Cat Hairball “Hacks”: What Causes Them and What You Can Do
Let’s celebrate Hairball Awareness Day with a few furry facts about the unique feline phenomenon.
When you hear a loud “HACK” coming from your cat, you know what’s on the way…a wet, gross blob of hair on the carpet. Thanks kitty! Hairballs are a normal, albeit icky, side effect of your cat’s grooming routine. Even though cats shed, some of that fur ends up in your cat’s belly (and then later on as a regurgitated hairball).
Most times, these hairballs are nothing to worry about—they’re a normal part of living with a cat. But there are also instances when they are serious and require your attention (and a trip to the vet). Let’s talk about what they are and what you can do about them.
What Causes Hairballs?
Hairballs are a part of your cat’s healthy grooming routine. A cat’s tongue has tiny hook-like structures that grab loose and dead hair. The fur is swallowed and makes its way through your cat’s digestive tract. Some of this hair, however, will make its way to the cat’s stomach, forming a hairball. In order to get rid of it, she’ll puke up a hairball. Here’s an interesting fact you’ve probably never taken into account: to make its way back up the narrow esophagus, the hairball tends to be thin and tube-like, so it doesn’t actually look like a ball at all. Not that it really makes a difference…it’s still gross no matter what it looks like.
Expect more hairballs from long-haired cats, such as Persians and Maine Coons. The same goes for any kitty that tends to shed or groom a lot. Your kitten may not have hairballs while she’s young, but it’s not uncommon for this issue to develop as she gets older.
If you have a cat, you probably know the telltale signs of an imminent hairball attack: retching, gaging and hacking. Keep calm and get a paper towel ready—the hairball will be within cleaning range in moments. But, if your cat is retching with no hairball in sight, or she won’t eat, is lethargic, constipated or has diarrhea, take her to the vet—that hairball needs some help coming out.
If you can’t beat ’em, you might as well do something to ease the frequency of this yucky kitty by-product. Here are a few suggestions:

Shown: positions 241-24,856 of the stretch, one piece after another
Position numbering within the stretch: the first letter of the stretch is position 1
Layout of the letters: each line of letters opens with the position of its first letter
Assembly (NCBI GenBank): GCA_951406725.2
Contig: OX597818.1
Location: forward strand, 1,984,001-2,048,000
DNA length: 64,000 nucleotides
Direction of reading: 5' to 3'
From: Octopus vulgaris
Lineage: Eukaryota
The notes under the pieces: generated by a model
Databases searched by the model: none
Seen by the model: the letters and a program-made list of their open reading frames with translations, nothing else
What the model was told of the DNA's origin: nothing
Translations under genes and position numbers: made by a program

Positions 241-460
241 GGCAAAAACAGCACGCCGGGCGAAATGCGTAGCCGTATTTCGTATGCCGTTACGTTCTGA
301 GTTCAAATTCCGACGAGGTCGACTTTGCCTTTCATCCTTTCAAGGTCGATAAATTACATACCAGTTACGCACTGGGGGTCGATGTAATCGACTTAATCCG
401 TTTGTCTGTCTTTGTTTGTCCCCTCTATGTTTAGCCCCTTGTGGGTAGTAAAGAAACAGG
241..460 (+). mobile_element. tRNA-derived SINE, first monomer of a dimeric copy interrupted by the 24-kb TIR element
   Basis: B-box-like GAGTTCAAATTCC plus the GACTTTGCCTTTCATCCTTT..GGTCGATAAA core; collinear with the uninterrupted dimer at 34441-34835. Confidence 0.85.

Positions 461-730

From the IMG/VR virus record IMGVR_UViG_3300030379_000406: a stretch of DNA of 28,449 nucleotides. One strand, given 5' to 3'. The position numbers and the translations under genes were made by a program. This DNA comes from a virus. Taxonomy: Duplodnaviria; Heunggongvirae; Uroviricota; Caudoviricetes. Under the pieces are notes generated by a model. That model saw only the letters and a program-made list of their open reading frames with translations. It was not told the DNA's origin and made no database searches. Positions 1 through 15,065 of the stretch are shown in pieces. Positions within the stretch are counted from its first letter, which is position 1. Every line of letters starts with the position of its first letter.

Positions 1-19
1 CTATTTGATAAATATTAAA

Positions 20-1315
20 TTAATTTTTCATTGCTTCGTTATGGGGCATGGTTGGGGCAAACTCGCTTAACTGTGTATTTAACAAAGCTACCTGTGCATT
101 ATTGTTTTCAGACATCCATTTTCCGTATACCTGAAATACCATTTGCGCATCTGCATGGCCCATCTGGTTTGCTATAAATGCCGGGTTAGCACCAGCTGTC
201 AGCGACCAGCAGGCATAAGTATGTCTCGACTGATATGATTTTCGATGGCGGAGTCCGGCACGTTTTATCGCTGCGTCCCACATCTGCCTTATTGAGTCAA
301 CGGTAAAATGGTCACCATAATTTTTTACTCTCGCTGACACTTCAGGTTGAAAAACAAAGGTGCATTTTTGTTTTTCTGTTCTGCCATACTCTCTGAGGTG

Regular Grooming: Your cat does a good job of grooming herself, but you can help by removing some of that loose or dead fur with your own grooming routine. Comb or brush your cat regularly—it’s a great way to pamper your pet. For longer-haired cats, you may want to take your cat to a professional groomer for haircuts a couple times a year.
Fiber: Your cat may need a little extra fiber to get things moving in the right direction—fiber helps encourage hairballs to pass through the cat’s digestive system. There are cat foods that offer more fiber than others, so you may have to supplement it into your cat’s diet.
Hairball Products/Laxatives: Most local pet store carry a variety of hairball products. You’ll find that the bulk of them are mild laxatives that help hairballs pass through the digestive tract easily.
Excessive Grooming: Some cats can over-groom, which leads to more hairballs. If you notice your cat is an excessive groomer, you’ll need to train her to switch to another habit. When you catch your cat grooming, distract her with a fun toy to play with or give her a tickle behind the ears.
Holistic remedies: Did you know that adding psyllium powder or digestive enzymes to your cat’s food will help her pass hairballs? It’s true! Check your cat’s skin to see if it’s dry—if it is, add an essential fatty acid supplement to her food in order to improve the health of her skin and coat (this helps to prevent excessive licking that result in hairballs).